Today is Sunday, Sept. 15, the 258th day of 2019 with 107 to follow.
The moon is waning. Morning stars are Neptune, Saturn and Uranus. Evening stars are Jupiter, Neptune, Saturn, Uranus and Venus.
Those born on this date in history are under the sign of Virgo. They include Italian explorer Marco Polo in 1254; novelist James Fenimore Cooper in 1789; William Howard Taft, 27th president of the United States, in 1857; British mystery writer Agatha Christie in 1890; French director Jean Renoir in 1894; comedian Nipsey Russell in 1918; singer/pianist Bobby Short in 1924; comedian Norm Crosby in 1927 (age 92); jazz saxophone player Julian "Cannonball" Adderley in 1928; baseball Hall of Fame member Gaylord Perry in 1938 (age 81); football Hall of Fame member/actor Merlin Olsen in 1940; soprano Jessye Norman in 1945 (age 74); filmmaker Oliver Stone in 1946 (age 73); actor Tommy Lee Jones in 1946 (age 73); football Hall of Fame member Dan Marino in 1961 (age 58); Queen Letizia of Spain in 1972 (age 47); actor Tom Hardy in 1977 (age 42); Nigerian author Chimamanda Ngozi Adichie in 1977 (age 42); comedian/actor Ben Schwartz in 1981 (age 38); Britain's Prince Harry in 1984 (age 35); actor Chelsea Kane in 1988 (age 31).
On this date in history:
In 1812, Russians set fire to Moscow in an effort to keep out Napoleon and his invading French troops.
In 1954, the famous scene in which Marilyn Monroe is shown laughing as her skirt is blown up by a blast of air from a subway vent was shot during the filming of The Seven Year Itch. The scene infuriated her husband, Joe DiMaggio, who felt it was exhibitionist. The couple divorced a short time later.
In 1963, four black girls were killed in the bombing of a church in Birmingham, Ala. Two black teenage boys were shot to death later that day as citywide rioting broke out.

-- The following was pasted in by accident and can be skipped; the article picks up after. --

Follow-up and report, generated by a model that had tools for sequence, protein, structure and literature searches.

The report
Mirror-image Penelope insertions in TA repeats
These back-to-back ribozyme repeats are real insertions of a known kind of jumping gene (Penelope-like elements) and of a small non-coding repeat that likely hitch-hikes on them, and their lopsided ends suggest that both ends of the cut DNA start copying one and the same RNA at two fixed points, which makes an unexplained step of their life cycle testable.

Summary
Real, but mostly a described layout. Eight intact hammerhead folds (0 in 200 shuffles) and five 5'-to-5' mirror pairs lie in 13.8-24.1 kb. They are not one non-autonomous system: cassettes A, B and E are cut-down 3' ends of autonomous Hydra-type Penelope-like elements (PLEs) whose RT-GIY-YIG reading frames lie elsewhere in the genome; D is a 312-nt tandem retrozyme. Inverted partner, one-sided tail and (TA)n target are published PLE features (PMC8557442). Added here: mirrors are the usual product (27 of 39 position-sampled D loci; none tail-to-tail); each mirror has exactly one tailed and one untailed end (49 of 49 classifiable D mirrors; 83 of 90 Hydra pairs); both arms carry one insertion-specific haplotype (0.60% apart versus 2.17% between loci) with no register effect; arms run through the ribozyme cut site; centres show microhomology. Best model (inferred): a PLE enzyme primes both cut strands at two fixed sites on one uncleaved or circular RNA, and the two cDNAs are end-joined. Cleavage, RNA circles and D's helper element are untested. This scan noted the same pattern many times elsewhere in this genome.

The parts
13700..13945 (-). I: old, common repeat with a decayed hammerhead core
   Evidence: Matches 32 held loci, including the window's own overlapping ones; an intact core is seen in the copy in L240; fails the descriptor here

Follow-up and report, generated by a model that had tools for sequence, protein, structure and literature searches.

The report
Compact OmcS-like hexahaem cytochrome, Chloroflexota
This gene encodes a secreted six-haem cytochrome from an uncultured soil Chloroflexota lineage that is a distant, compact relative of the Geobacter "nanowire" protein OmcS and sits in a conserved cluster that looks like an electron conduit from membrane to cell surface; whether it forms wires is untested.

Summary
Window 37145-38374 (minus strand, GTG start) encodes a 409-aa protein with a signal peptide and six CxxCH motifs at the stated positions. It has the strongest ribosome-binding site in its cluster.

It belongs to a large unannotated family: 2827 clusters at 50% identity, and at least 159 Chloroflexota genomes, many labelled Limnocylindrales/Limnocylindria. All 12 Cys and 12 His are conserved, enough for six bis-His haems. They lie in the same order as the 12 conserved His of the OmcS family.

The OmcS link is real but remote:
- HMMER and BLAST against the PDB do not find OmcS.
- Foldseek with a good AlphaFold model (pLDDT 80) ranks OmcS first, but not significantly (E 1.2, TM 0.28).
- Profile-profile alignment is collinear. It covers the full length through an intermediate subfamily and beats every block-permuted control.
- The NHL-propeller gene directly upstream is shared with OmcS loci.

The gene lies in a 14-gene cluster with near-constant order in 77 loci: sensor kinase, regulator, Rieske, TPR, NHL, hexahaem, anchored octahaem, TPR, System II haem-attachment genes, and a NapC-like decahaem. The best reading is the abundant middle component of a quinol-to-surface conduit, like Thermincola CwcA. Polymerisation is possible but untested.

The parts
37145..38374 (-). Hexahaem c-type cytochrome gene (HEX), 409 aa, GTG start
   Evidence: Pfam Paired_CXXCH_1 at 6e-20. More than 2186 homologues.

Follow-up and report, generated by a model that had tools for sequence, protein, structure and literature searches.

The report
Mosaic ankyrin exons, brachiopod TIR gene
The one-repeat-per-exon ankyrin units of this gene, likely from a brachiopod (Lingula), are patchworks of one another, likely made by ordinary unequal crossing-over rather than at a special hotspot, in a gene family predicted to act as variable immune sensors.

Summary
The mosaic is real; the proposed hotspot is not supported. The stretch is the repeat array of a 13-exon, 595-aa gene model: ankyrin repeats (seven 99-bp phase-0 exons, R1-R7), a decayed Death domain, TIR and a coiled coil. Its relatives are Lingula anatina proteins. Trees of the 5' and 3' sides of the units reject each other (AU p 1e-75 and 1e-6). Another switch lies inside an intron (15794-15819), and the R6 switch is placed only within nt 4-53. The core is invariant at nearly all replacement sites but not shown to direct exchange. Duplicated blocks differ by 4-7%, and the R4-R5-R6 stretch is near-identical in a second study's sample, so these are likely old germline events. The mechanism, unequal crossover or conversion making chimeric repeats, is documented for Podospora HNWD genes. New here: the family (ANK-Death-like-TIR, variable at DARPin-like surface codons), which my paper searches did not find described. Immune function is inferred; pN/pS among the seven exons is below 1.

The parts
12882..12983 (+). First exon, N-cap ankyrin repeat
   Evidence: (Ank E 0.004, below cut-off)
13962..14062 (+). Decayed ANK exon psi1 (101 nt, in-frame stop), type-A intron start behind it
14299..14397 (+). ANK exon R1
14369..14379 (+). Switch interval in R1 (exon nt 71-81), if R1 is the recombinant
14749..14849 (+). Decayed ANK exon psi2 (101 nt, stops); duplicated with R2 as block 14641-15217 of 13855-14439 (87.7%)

In 1971, the environmental organization Greenpeace was founded by 12 members of the Don't Make A Wave committee of Vancouver, British Columbia.
In 1988, the Museum of the Moving Image dedicated to the history of film, opened in London. At the opening, Britain's Prince Charles condemned those responsible for gratuitous violence on television and video.
In 1993, Katherine Ann Power, a Vietnam War opponent and a fugitive for more than 20 years in the death of a police officer during a bank robbery in Boston, surrendered. She pleaded guilty and spent six years in prison.
In 1999, a 47-year-old man opened fire during a youth service at the Wedgwood Baptist Church in Fort Worth, Texas, killing seven people and wounding seven before killing himself.
In 2000, the 27th Summer Olympic Games opened in Sydney, with a record number of female athletes participating -- and with North and South Korea marching together in the opening procession.
In 2011, a widespread U.S. outbreak of listeria food poisoning was traced to contaminated cantaloupes sold by a Colorado company that recalled millions of melons. Officials said about two dozen people had died of listeriosis in 20 states. Two farmers were sentenced to five years probation and each ordered to pay $150,000 in restitution.
In 2012, an attack by the Taliban killed two U.S. Marines and destroyed several planes at Camp Bastion in Afghanistan. The militants said one of their reasons for the attack was to assassinate Britain's Prince Harry, a helicopter pilot stationed at the base, but officials said he was not in danger. NATO said 18 attackers were killed.
In 2013, a coal mine collapsed in northern Afghanistan, leaving at least 27 people dead.
In 2017, a bomb partially exploded on a crowded London subway car after it left Parsons Green station during morning rush hour, injuring at least 29 people. In March 2018, an Iraqi teenager was convicted of the attack.
A thought for the day: former California Gov. Jerry Brown said, "Too often I find that the volume of paper expands to fill the available briefcases."